Summing up

HMCTS needs to be much more open to public scrutiny. It refused to allow me and another reporter to attend a “roadshow for legal professionals” held in May 2018.1 Senior judges were amazed when they heard this. Sir Ernest Ryder, senior president of tribunals and a member of the HMCTS board, said it was “frankly appalling”.2

The NAO report of May 2018 should be a wake-up call to HMCTS. With goodwill on all sides, there is still time to put the reform programme back on track.

The gap in understanding of this £1bn public project has been filled, to some extent, by the NAO and the judiciary. In June 2018, HMCTS provided a briefing for two journalists.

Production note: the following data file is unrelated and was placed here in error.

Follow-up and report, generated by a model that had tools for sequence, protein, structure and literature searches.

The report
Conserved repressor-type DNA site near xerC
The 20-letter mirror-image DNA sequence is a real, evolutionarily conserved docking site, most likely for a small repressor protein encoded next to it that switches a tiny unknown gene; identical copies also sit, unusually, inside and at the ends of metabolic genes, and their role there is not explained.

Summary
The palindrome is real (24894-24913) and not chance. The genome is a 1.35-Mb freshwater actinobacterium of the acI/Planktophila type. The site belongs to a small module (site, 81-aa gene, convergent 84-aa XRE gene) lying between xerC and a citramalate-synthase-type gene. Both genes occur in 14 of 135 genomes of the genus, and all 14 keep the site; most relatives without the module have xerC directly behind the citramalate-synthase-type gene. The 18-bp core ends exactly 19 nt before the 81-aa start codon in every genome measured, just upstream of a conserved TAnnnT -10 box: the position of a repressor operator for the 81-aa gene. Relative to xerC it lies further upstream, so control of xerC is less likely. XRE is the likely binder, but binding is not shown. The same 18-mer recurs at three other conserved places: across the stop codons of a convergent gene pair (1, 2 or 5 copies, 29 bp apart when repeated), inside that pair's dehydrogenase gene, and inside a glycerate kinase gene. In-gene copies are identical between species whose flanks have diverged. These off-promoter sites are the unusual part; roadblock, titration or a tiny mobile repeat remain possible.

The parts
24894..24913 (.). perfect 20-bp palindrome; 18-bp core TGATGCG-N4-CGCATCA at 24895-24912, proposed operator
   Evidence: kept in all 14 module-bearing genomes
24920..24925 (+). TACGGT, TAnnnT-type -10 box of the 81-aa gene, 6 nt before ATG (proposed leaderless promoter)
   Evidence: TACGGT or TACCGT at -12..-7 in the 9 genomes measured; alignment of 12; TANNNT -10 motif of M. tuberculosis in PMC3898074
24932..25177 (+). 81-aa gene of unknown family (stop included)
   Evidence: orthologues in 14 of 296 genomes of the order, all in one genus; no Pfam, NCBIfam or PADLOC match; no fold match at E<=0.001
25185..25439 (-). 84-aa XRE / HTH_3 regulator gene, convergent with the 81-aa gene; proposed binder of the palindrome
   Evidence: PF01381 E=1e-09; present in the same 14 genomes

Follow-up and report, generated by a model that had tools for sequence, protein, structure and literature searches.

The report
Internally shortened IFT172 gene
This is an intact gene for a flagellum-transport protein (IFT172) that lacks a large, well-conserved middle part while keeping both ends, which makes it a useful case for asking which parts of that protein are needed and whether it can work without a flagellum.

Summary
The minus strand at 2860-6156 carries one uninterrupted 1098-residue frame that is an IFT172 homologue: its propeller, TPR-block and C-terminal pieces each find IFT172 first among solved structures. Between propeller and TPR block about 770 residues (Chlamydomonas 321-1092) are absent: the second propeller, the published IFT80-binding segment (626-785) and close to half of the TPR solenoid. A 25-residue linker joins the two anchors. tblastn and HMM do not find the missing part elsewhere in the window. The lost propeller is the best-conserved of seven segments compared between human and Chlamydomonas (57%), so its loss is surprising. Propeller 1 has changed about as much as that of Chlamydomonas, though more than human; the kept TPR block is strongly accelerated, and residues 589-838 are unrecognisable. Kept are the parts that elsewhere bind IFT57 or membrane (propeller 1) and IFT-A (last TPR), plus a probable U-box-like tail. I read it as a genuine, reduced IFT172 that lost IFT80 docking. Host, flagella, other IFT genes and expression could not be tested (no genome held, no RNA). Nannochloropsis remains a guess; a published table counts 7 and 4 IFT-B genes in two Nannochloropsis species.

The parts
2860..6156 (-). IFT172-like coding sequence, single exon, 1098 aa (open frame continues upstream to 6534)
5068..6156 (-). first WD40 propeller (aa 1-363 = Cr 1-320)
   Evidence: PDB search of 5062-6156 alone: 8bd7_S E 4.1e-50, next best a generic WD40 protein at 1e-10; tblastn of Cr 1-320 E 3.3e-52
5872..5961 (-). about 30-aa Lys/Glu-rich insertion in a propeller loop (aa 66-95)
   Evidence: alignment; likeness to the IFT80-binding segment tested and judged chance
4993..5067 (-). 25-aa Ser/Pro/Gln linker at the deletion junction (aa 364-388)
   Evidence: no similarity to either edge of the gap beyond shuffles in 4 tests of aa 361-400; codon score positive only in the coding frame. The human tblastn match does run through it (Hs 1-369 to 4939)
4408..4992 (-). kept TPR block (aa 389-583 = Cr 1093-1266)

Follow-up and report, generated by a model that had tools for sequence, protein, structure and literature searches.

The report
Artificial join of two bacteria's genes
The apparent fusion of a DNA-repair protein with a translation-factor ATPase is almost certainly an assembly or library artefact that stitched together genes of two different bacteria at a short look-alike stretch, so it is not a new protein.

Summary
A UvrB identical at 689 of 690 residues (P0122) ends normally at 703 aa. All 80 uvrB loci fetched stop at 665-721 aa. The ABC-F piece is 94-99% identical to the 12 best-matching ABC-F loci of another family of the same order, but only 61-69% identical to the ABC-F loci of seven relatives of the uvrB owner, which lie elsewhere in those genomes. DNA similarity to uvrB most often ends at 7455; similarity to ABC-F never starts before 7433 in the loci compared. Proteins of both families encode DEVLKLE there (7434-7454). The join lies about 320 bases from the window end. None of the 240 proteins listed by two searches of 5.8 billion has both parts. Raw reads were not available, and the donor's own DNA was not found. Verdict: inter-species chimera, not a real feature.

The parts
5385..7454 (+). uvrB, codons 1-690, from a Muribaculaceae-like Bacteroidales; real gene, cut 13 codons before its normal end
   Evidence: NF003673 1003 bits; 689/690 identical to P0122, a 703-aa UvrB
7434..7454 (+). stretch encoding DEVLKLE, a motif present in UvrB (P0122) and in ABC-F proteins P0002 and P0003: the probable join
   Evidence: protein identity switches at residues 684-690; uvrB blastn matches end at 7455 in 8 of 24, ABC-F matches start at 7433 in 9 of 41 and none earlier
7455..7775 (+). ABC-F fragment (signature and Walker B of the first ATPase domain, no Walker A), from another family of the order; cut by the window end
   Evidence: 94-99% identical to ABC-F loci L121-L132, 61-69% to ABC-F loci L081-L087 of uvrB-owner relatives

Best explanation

But it is still difficult to know how much progress is being made — not least because only a small part of the necessary legislation has reappeared.

I shall continue to monitor developments and update this paper in the coming months. My misgivings are much greater now than when I started work on this project. I hope I shall be proved wrong.